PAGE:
From 2022 expat workers will be required to pay social insurance premiums, which will go into a retirement fund.
Under a new decree on compulsory social insurance for foreigners working in the country issued by the government on October 15, all foreign workers with labor contracts of at least a year will be subject to compulsory social insurance.
The decree will come into effect on December 1, 2018.
Under the decree, the basic social insurance package will cover sickness, delivery, occupational diseases and accidents, retirement, and death just like for Vietnamese workers.
From 2022 foreign employees will have to pay a monthly premium of 8 percent of their income to the retirement and death fund.
Employers meanwhile will contribute 17.5 percent of their employees’ monthly salary: 3 percent to the sickness and maternity fund, 14 percent to the retirement and death fund, and 0.5 percent to the occupational diseases and accidents fund.
This will put Vietnam on par with Thailand and the Philippines, while Singapore only requires citizens and permanent residents to pay social security.
The draft of the decree was met with opposition from foreign enterprises, who said it would increase their costs.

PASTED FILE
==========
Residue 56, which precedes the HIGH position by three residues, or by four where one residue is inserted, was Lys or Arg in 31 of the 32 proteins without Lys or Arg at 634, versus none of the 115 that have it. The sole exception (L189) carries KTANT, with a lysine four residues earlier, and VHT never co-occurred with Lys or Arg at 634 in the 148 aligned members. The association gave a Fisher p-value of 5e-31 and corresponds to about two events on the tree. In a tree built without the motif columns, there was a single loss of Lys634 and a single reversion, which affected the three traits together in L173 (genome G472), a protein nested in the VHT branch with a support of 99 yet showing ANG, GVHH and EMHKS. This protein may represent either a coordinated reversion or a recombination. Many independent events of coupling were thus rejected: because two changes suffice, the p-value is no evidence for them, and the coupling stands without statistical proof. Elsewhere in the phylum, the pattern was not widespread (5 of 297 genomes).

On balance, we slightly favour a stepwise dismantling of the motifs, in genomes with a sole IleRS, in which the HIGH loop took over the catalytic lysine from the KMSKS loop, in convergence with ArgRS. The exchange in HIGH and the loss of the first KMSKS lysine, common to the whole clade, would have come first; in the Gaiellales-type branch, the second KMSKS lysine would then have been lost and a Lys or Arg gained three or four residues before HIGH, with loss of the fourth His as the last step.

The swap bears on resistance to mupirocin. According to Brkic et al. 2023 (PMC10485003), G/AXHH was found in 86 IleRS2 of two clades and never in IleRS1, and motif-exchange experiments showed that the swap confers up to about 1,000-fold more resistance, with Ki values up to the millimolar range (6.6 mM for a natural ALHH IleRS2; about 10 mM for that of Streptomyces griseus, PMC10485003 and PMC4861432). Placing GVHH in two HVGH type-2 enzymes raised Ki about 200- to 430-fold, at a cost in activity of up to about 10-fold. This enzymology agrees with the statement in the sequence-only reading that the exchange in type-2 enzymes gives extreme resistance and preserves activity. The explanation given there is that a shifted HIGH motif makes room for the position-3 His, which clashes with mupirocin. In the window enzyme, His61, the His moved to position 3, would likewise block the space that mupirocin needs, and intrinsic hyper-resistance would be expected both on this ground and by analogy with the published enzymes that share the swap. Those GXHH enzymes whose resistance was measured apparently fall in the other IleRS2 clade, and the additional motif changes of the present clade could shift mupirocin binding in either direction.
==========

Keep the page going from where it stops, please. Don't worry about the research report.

It was not received well by expat workers either, who said it was “irrational” since some already pay social insurance in their home countries, effectively making them pay the same premium twice.
A member of the American Chamber of Commerce (AmCham) said expats often work in Vietnam for short periods and don’t want or are not eligible for a pension, so the regulation is impractical.
The number of expats living and working in Vietnam had increased to nearly 84,000 last year from just 12,600 in 2004, according to the Ministry of Labor, Invalids and Social Affairs.
HSBC’s recent Expat Explorer survey found foreigners in Vietnam earned $90,408 annually on average compared to the country’s per capita income of $2,385 last year.